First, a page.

Westworld, The Truman Show, and Gaslighting

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The threads that bind two stories about meticulously crafted fake worlds.

Despite having little initial interest, and feeling lukewarm after the first few episodes, I decided to marathon Westworld. This impulse was born from a “what’s the fuss all about?” reflex, and once the finale was available to stream, I had to watch it all. Even with a deep love of character study, meditations on humanity, and examinations of what it means to be “alive,” I felt no real connection to the series. It was filled with multiple outstanding performances, but I had to file it alongside other things that I don’t have enthusiasm for, like The Sopranos or Titanic. It’s a good show that didn’t connect. I walked away from the viewing with something though, and that’s a deeper appreciation of 1998’s The Truman Show.

There’s a scene towards the end of the Westworld season finale where Teddy and Dolores share a heartbreaking moment. They sit at the water’s edge, the moon hanging heavily behind them. It’s a tender exchange that’s also brimming with melodrama, and as our view expands, it’s revealed that there’s an audience present for something we assumed was for our eyes only. Patrons in fancy dress watch the two hosts spew their love and devotion, and it’s clear what puppets they truly are. This tableau instantly transported me to Seahaven, fictional setting of The Truman Show, and, ironically, another fabricated world lorded over by Ed Harris.

A quick mental scan over the previous 10 hours of television left me somewhat confident there weren’t other threads connecting the two properties that I’d simply missed. Truman and WW share themes, but their crescendos ask different questions of the viewer. They’re both about make-believe worlds that manipulate inhabitants for entertainment, but Truman is not just about control, it’s about gaslighting.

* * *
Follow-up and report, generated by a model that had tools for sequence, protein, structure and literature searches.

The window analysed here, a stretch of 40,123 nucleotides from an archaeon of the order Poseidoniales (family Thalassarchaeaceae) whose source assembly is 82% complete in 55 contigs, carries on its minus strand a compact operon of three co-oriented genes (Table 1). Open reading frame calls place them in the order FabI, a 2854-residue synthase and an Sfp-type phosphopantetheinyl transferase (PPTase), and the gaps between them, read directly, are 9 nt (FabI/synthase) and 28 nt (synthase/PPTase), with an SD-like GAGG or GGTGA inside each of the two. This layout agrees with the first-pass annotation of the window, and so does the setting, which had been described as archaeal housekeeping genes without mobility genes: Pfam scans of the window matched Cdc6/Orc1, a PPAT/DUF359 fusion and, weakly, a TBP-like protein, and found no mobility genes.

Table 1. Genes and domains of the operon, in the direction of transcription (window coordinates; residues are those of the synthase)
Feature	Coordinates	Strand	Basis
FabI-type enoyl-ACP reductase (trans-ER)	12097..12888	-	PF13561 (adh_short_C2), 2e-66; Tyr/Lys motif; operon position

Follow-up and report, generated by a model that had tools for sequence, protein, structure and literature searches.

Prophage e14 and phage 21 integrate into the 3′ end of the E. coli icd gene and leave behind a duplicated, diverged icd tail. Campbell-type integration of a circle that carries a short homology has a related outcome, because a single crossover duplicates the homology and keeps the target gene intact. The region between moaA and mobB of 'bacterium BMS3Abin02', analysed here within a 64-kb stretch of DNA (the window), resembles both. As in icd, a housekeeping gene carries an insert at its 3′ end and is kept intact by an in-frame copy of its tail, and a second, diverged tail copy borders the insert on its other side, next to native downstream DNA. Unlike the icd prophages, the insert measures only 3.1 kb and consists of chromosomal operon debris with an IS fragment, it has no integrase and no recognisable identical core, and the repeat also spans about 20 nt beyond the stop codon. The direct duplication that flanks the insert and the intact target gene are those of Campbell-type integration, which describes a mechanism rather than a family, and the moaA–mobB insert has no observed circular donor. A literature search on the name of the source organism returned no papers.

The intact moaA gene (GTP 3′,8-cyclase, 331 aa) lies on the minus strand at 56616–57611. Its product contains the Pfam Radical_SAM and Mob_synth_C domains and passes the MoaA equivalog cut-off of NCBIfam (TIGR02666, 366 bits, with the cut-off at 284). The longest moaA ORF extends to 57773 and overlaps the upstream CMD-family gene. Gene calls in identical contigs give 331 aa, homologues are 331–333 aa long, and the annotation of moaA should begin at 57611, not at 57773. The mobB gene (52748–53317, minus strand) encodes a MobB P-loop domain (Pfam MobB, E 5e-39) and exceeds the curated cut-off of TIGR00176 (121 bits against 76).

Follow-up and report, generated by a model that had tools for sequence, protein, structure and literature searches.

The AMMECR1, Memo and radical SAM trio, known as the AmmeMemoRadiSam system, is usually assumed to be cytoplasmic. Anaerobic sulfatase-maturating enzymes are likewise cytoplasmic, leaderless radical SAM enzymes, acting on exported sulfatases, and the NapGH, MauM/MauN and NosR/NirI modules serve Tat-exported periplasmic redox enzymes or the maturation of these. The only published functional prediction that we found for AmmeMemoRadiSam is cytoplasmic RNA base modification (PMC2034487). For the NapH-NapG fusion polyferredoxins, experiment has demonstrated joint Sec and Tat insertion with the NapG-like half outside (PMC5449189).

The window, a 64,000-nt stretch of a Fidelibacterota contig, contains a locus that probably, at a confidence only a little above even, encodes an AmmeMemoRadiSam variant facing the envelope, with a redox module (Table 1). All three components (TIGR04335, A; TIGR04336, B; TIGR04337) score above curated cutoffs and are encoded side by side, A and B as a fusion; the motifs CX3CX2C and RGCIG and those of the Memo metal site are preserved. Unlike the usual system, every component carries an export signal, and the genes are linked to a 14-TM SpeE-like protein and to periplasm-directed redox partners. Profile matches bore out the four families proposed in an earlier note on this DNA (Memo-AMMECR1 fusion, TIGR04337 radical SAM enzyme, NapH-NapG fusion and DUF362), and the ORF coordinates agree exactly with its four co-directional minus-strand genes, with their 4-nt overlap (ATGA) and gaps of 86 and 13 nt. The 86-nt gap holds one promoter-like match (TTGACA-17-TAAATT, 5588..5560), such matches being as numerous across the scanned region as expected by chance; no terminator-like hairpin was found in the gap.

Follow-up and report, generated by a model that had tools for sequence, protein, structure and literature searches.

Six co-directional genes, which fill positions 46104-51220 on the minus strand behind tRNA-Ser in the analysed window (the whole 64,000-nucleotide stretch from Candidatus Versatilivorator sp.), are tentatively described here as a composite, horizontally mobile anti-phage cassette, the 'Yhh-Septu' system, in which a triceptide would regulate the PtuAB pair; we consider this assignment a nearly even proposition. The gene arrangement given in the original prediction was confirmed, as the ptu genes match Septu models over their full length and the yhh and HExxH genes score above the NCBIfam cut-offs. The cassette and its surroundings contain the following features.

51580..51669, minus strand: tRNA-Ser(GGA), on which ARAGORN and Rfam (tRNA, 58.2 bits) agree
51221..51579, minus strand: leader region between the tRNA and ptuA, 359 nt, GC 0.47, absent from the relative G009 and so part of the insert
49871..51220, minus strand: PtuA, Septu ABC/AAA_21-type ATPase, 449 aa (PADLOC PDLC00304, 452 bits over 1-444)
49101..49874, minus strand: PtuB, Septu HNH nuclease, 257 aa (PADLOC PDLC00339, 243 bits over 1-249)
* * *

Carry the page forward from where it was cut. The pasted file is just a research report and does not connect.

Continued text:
For those unfamiliar with the term, Wikipedia has a succinct and relevant definition: a form of psychological abuse in which a victim is manipulated into doubting their own memory, perception, and sanity. There are shades of it in WW, particularly in Thandie Newton’s Maeve, but, much to my surprise, it’s the whole plot of The Truman Show.

Truman is adopted as a baby and immediately put on TV. There is a sense that the world – and Ed Harris – own him, and therefore he’s undeserving of agency. The tagline of the show (and his life) is printed on shirts worn by crew: Love Him Protect Him. The way they protect him, and show their love, is through deceit. Truman’s father is taken from him in a violent boating accident, the intended goal to keep him afraid of the water, and unable to leave the island. Truman is tricked into marrying his wife, his mother repeatedly uses guilt to keep him grounded, and the world is tilted on its side to keep him in place. But when he points it out, he’s told he’s crazy.

Sitting on the hood of his car, lamenting his life, Truman confides in his “best friend” Marlon that it feels as though the world revolves around him. “Are you sure that’s not wishful thinking?” Marlon replies. Truman is right, the world quite literally revolves around him, and when he pushes past the absurdity and ego of it, he’s told it’s his fault.

Truman’s relationship with his wife Meryl is built on gaslighting. She repeatedly dismisses his concerns and observations, telling him he’s “not well,” and “needs help.” She often positions herself as the victim in their exchanges, accusing Truman of blaming her for a sudden traffic jam forming just as he attempts to leave the island.

Newspaper headlines scream that Seahaven is the best place to live, and why go anywhere else? Every object in Truman’s life informs him that his gut instinct is wrong. Posters on the travel agency wall warn of danger from lightning storms, terrorism, illness – danger if you leave. Truman is kept scared and repeatedly dismissed by the world around him, and all to keep him from creating his own life.

Westworld circles similar ideas (except the hosts are often viewed as too unimportant to even bother lying to), but somehow The Truman Show feels more socially relevant. Interestingly, both toy with the concept that a life half-lived isn’t worth living – the end of one’s current existence preferable to staying put – and that’s something both execute perfectly.